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Vitamins, Minerals and Dietary Supplements

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Vitamin A

Why do we need vitamin A?

Vitamin A is part of a group of compounds known as retinoids. Vitamin A promotes good eyesight and helps keep the skin and mucous membranes resistant to infection. Vitamin A also enhances immunity, enabling the body to defend against colds, influenza, many infections, and certain cancers, and prevents certain skin disorders.

What are some good sources of vitamin A?

Vitamin A can be found in a number of common foods, including fish liver oils, egg yolks, butter and cream, and dark green and yellow fruits and vegetables (especially carrots, asparagus, apricots, spinach, yellow squash, and sweet potatoes).

What can happen if we don't get enough vitamin A?

Night blindness, dry hair and skin, insomnia, fatigue, frequent colds and other respiratory infections, skin disorders (such as acne) and weight loss have been attributed to vitamin A deficiencies. Children are most at risk of vitamin A deficiency because they have not yet developed adequate vitamin A stores.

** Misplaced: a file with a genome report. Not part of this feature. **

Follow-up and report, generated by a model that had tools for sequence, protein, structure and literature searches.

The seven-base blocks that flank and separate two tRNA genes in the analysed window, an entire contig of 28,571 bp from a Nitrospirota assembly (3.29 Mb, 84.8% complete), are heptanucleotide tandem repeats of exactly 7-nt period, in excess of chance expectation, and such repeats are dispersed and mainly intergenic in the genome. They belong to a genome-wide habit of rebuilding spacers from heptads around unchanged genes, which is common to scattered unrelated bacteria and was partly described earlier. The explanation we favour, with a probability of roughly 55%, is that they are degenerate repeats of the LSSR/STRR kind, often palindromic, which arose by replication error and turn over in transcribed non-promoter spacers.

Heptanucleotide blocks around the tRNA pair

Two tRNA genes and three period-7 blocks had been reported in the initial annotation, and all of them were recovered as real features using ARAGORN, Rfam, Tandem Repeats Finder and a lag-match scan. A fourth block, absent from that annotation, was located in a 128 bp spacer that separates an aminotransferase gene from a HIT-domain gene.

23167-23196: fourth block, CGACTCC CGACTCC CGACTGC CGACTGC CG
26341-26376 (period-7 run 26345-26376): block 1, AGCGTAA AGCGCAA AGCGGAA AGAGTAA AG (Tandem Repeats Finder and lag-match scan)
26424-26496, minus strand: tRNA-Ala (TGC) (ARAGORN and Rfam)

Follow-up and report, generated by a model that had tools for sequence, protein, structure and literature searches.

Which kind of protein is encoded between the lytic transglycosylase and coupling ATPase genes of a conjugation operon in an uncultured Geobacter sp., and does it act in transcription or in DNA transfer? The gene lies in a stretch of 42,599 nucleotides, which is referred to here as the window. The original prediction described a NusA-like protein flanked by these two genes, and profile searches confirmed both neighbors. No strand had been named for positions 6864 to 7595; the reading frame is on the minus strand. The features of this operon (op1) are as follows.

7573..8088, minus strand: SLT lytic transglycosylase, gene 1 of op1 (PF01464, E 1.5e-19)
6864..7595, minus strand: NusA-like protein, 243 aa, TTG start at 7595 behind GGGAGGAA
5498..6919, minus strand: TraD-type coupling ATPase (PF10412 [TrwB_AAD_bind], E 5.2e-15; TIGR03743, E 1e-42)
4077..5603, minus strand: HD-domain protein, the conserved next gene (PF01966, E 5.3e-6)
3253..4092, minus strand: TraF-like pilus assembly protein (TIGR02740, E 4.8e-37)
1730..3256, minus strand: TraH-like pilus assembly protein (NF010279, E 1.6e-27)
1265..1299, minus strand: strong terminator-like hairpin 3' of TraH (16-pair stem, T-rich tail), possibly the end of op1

References

  • Ross CA. Vitamin A and retinoids. In: Modern Nutrition in Health and Disease, 9th ed.,1999: pp305-328. Williams & Wilkins, Baltimore, MD.
  • Balch JF, Balch PA. Prescription for Nutritional Healing, 2nd ed., 1997: Avery Publishing Group, New York.
  • Tyson JE, Wright LL, Oh W, et al. Vitamin A supplementation for extremely-low-birth-weight infants. New England Journal of Medicine 1999:340, pp1962-68.

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